Tennis elbow problems baffled me in my early career. I had been taught to use electrotherapy (ultrasound, heat, interferential therapy), massage and exercises. It all seemed very sensible, but in practice my patients didn’t make very rapid progress and often I wondered if I made any difference at all! Then I discovered a new treatment, which was easily adaptable to doing at home. Brian Mulligan, another therapist from New Zealand, had developed this system, where a patient is actively involved in the process. I was delighted to find that pain could be abolished in one treatment, and although it would creep back between sessions (although to a lesser extent), relatively few treatments were needed for a complete cure.
While I was working in Saudi Arabia, one of the contractors from another town complained to me about his elbow pain. He and his wife lived in another compound, and he was not eligible for any medical treatment. After a few questions it was evident he’d been suffering for months from a tennis elbow. I asked him if he’d like me to have a look at his elbow, and he was very happy to let me do so. Both he and his wife were French, with a delightfully strong accent. I used the following treatment on his elbow and he was ecstatic when the pain disappeared in one session. “It’s magique! It’s magique!” he repeated over and over.
What causes Tennis Elbow?
Tennis isn’t the only cause for a Tennis Elbow! Any strong or repetitive use of the hand can do the damage. Pain starts on the bony bump on the outside of the elbow, and can spread down into the upper fore-arm and wrist.
Muscles that bend the wrist back (extend it) hold the wrist stable while you use your hand. They attach, via a tendon, on that little bony bump shown above (the lateral epicondyle of the humerus). Tendons are tough, fibrous tissue designed for taking strain, but even the strongest tendon has its limits. When a tendon is over-stressed it can become inflamed. There isn’t a good blood flow to tendons, which is why they take so long to heal. When tendons begins to heal, scar tissue can thicken and cause pain as well, delaying the process.
Damaged tendon at attachment
Usually people seek help when the condition is well established, and other methods they’ve tried have failed to ‘fix’ it. Physiotherapy has typically focused on relieving the pain and inflammation, and on prescribing exercises to gradually strengthen the muscle again. But progress is painfully slow (pardon the pun).
How do you know if you have a Tennis Elbow?
•You will feel pain in the area shown above, when using your hand – as in lifting a pot off the stove, gripping anything or bending the wrist backward.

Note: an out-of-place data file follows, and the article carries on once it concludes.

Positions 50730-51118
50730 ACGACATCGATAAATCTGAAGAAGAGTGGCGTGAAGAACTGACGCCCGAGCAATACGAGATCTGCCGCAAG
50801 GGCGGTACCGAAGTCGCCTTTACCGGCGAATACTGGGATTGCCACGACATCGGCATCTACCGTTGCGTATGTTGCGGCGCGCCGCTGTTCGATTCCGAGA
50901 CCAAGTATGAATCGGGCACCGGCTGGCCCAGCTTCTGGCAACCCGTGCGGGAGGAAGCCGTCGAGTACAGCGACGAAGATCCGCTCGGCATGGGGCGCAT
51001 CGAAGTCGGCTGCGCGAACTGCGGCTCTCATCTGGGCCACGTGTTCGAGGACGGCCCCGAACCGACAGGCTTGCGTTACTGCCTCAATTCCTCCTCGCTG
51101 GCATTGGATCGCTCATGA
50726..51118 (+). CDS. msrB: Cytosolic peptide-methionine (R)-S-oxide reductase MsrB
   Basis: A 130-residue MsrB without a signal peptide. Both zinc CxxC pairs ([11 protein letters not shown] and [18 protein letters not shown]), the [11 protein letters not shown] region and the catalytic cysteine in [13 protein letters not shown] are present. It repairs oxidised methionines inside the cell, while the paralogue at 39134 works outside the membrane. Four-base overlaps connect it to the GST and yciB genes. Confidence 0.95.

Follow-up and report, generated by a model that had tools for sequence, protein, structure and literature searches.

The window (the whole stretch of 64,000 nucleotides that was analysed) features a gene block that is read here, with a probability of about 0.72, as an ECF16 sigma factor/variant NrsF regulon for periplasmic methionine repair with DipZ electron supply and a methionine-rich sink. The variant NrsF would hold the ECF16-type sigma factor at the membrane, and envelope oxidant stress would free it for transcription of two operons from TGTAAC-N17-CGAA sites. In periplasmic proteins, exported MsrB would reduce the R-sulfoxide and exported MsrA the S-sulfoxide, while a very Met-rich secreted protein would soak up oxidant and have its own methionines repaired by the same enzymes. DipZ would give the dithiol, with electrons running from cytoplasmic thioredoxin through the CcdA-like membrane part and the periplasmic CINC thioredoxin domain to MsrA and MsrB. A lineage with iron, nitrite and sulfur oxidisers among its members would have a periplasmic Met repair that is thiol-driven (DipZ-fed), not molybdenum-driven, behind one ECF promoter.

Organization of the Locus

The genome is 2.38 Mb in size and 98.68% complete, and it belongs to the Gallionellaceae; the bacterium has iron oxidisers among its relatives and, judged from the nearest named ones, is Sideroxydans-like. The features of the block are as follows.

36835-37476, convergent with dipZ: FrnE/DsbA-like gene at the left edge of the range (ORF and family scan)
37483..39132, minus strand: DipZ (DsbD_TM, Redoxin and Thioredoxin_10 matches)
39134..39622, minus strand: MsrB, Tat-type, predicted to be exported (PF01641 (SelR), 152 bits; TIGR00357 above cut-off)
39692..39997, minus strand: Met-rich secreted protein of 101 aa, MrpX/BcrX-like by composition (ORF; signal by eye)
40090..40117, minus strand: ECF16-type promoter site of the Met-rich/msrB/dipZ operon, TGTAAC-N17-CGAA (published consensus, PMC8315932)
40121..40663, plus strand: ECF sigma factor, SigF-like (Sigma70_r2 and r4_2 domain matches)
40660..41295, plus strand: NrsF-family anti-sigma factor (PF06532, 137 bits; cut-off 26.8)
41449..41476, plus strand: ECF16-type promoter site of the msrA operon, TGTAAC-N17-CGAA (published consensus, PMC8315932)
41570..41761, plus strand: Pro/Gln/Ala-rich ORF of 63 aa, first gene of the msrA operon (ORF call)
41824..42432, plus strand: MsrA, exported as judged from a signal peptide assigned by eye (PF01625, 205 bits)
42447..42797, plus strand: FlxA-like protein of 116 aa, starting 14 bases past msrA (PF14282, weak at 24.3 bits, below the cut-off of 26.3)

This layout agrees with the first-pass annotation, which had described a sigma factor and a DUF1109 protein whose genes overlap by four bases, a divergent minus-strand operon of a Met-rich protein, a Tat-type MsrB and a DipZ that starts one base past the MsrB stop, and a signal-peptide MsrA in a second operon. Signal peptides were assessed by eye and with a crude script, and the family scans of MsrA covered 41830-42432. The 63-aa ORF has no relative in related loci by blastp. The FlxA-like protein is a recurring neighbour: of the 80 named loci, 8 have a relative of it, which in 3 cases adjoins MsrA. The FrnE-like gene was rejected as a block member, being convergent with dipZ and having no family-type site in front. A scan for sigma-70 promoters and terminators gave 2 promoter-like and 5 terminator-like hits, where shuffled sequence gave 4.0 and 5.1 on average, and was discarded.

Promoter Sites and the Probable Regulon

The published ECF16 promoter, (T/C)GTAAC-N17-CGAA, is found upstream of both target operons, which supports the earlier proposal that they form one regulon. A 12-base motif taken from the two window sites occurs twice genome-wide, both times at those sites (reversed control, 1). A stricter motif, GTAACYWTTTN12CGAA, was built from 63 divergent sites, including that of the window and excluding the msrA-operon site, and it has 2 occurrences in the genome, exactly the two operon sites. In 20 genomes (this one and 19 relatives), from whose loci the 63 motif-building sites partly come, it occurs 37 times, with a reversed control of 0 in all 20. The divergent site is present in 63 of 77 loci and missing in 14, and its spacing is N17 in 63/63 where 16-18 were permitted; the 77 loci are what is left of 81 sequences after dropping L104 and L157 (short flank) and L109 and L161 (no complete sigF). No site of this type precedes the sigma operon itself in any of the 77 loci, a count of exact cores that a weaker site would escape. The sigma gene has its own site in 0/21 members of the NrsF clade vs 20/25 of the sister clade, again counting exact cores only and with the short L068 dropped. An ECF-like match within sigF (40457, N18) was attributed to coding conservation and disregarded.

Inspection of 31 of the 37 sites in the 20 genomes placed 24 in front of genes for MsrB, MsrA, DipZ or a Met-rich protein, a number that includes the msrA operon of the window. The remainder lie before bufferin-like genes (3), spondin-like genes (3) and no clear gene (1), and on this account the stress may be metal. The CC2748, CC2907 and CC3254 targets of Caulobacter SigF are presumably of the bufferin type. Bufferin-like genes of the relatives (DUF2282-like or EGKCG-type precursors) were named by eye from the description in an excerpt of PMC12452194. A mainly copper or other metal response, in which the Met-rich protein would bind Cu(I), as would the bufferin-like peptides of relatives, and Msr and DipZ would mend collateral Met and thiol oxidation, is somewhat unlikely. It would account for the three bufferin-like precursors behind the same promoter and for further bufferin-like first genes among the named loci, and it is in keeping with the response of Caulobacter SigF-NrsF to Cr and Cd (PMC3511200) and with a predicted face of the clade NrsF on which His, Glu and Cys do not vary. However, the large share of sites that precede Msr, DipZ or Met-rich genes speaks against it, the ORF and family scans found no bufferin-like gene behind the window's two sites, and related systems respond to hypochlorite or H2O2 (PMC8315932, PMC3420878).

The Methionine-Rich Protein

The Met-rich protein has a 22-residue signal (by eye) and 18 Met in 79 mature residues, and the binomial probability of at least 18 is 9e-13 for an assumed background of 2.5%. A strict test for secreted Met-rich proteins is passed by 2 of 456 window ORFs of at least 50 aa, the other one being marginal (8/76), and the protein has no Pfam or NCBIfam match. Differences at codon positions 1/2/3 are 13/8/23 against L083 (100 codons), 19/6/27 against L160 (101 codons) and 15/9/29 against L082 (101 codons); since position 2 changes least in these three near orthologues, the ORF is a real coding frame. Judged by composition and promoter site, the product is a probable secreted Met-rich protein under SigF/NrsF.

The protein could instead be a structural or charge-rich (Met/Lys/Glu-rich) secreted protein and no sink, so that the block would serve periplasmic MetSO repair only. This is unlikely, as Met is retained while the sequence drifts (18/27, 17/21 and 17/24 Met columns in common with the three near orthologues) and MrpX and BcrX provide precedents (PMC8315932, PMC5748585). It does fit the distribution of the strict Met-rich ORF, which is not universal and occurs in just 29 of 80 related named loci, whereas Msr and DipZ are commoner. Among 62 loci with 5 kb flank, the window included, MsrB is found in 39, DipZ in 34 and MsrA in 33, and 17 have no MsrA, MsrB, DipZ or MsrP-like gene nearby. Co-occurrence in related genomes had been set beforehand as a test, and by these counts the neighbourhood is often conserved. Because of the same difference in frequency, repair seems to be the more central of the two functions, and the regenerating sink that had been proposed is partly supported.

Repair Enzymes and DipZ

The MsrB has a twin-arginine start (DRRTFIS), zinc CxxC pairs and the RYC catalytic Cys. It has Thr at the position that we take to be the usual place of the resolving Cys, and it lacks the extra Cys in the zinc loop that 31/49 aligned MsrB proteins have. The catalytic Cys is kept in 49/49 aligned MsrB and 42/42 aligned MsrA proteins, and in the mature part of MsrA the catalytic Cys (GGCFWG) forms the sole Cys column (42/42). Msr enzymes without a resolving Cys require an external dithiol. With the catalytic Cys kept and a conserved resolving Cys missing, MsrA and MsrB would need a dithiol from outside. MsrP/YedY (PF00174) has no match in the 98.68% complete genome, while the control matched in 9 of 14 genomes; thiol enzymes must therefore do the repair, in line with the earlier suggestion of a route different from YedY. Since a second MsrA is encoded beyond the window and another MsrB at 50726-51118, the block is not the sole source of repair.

• It will be painful when you press on that little bump on the outside of the elbow (excruciatingly so, in many cases). It may also feel warmer to the touch than the other side, if it is inflamed.
•Straighten your elbow, and press the back of your hand upward under a table. If that doesn’t produce pain, try pressing the tips of your open fingers up under the edge of a table as shown here, to see if that hurts.
A test for tennis elbow: press tips of the middle fingers upward under a table edge.
If you have pain with all of these tests, you probably have a tennis elbow.
How do I treat the painful elbow?
I’m about to show you a method which works well for many people, and which can easily be done by yourself at home. Chronic cases, which have been present for weeks or months, seem to respond best. Perhaps the scar tissue which has already developed is tugging at the inflamed surface as you try to use the muscles affected.
Before starting, establish a baseline for your pain. Straighten your elbow, and squeeze something firmly in your hand. Note the level of pain you feel – perhaps give it a rating from 1 to 10, with 1 being the slightest amount of pain you could feel, and 10 being the greatest amount of pain you could imagine..
Note the level of pain that you feel as you squeeze an object in your hand.
1/ Now, find a spot beside a doorway or wall, where you can rest your shoulder and upper arm on a solid surface, with your elbow just over the edge. With your other hand you will need to apply a firm but comfortable sideways force just below your elbow joint. Do this while you are squeezing an object in your hand, like this:
With the upper arm resting against a wall, press outward just below the elbow joint with your other hand.